Second, you can use the rule to develop a very effective Lender List. Now you know that you can pick 3 bridge lenders, 3 multifamily lenders, 3 office building lenders, etc. until you have a full grouping for those types of properties in which you care to specialize or represent. This magic number is also much easier to stay on top of then say 20 bridge lenders, 15 self storage lenders, and the like. Yes, have some back-ups, but keep 3 “top tier” lenders for each category of property you like to finance.

Last, you will find that giving most of your attention to fewer lenders will result in getting better concessions and exceptions from those lender when you really need them. Loyalty can provide you with rewards when you need them.

Next week I’ll discuss how lenders are more important to you than borrowers with regard to growing and maintaining your loan brokerage business.

Craig Higdon is the Chief Executive Officer of Dragon Realty Capital, a nationwide private money direct lender. More information can be found at www.DragonRealtyCapital.com. We also offer educational, interesting, FREE Reports for industry professionals and investors: Click Here to get yours. And Click Here to obtain free Broker-specific tools.

Successful Executive Summaries

When is a commercial loan “summary” not a summary? When it turns into a book, of course. Or when it showed up as only a few sentences. So perhaps the better question to ask is: “How much information should you include in an Executive Summary?

The purpose of an Executive Summary is to present to the reader (presumably a lender or investor) the important FACTS of the transaction in support of the loan request. When you consider that a typical lender may receive 20 to 50 requests for financing PER DAY, you can see that both brevity and impact are important in crafting your request. Also remember that everything you put INTO the Summary needs to be supported by all of the documentation you collect from your borrower.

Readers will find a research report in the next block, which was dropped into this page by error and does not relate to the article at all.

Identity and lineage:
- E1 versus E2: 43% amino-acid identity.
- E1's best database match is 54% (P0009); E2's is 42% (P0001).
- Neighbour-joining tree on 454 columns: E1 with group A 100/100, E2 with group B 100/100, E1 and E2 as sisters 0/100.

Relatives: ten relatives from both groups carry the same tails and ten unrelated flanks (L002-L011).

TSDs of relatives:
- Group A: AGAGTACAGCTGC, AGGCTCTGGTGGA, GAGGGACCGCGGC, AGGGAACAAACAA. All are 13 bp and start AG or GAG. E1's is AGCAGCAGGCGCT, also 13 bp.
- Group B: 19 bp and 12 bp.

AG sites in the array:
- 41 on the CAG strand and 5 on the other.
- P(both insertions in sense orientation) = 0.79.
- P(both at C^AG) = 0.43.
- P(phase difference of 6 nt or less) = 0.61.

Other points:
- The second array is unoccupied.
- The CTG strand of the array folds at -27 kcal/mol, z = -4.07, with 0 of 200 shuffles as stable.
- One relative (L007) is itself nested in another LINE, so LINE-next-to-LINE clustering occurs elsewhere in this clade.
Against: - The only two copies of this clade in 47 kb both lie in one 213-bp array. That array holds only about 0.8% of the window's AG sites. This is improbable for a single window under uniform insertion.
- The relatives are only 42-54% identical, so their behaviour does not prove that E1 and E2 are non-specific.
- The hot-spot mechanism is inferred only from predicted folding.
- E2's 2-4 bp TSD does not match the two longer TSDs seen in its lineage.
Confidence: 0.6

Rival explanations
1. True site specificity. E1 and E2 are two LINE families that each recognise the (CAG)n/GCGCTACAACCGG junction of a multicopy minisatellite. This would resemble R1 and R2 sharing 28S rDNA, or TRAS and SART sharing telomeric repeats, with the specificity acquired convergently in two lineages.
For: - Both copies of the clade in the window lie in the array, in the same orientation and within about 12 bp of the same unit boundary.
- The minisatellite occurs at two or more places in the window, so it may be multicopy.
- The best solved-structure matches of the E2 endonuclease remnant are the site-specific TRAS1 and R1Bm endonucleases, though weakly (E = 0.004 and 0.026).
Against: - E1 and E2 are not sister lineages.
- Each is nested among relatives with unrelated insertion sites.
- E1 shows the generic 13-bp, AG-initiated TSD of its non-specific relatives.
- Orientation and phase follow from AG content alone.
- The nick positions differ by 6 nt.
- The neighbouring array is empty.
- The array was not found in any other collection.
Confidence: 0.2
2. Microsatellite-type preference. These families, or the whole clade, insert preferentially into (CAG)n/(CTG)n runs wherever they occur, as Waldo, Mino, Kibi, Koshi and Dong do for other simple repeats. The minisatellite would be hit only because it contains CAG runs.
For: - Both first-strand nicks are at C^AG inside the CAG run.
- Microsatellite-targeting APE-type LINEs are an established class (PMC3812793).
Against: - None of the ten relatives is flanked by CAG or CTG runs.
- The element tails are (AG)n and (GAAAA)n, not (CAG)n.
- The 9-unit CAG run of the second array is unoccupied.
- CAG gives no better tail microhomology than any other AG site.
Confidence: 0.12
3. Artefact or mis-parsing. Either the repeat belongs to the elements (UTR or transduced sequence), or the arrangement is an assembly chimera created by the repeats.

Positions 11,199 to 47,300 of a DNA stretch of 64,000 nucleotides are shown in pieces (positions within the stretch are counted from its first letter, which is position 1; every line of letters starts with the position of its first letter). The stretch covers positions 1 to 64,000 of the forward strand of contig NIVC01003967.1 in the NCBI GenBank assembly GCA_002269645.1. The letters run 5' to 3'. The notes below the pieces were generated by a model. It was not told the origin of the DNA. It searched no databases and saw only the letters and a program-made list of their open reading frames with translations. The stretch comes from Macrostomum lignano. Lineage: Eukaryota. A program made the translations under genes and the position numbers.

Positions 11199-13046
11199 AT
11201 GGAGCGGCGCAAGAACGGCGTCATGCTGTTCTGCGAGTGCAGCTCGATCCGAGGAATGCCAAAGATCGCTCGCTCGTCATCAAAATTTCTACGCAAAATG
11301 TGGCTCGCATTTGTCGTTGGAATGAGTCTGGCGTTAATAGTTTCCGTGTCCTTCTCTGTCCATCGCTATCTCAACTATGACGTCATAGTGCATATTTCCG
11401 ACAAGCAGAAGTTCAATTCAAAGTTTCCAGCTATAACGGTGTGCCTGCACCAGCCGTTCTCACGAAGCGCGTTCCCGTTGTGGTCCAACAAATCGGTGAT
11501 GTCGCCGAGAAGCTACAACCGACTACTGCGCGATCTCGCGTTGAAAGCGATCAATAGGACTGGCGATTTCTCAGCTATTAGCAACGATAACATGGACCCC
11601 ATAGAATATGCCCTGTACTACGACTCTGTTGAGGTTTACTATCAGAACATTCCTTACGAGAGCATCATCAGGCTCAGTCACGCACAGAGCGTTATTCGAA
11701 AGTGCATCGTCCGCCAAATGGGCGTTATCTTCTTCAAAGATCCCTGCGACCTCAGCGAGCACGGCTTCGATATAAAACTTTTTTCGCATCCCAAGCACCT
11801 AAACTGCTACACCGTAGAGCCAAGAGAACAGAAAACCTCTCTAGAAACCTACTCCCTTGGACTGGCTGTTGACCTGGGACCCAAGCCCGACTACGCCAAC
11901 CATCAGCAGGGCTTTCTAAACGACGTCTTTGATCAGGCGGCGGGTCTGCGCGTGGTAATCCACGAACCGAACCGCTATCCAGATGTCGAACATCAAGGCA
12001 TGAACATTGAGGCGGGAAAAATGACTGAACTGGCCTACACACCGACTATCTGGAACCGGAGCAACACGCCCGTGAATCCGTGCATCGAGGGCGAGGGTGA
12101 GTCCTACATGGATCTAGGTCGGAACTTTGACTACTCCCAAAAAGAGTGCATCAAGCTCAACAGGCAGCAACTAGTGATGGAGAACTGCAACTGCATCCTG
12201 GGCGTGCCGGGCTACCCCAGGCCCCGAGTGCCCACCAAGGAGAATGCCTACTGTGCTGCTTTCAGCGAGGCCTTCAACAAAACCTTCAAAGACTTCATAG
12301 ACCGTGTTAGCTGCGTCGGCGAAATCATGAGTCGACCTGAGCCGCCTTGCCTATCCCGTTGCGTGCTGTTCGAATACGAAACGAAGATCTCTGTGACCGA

We start with an overall description of the transaction wherein the first sentence is a “summary of the Summary.” Do NOT forget to have a compelling picture on the first page. Pictures sell far more than to the dry facts. In the Transaction Summary, also remember to lay out the purpose of the financing, the borrower’s motivation, and how value is derived. Finally, include a “Use of Funds” statement.

The next section describes the sponsorship (humans) behind the transaction including net worth, liquidity, credit, and a short biography. The more experience your borrowers have, the easier it will be to obtain financing.

Now we split: Is this a refinance or a purchase? Each type of transaction has its key points, with actual “cash in the transaction” being the key component. Skin in the game is what lenders prize most so make sure that this is described in detail, particularly in cash out refinance transactions.

The next section covers any construction or rehabilitation to be done to the property as part of the loan request. Soft costs, hard costs, reserves (interest, hard costs, TI, and/or leasing) and closing costs should all be laid out… clearly.

Last, but not least of the descriptions, here you can include property facts such as building size, lot size, zoning, parcel numbers, etc. At the end of the summary, include MORE pictures of the property, a map, and maybe a satellite photo from Google. Brokers can get one of our summary templates by signing up: Click Here.

Next week I’ll discuss how to pick good lenders to add to your “list” so that you can service your clients more effectively.

Craig Higdon is the Chief Executive Officer of Dragon Realty Capital, a nationwide private money direct lender. More information can be found at www.DragonRealtyCapital.com. We also offer educational, interesting, FREE Reports for industry professionals and investors: Click Here to get yours.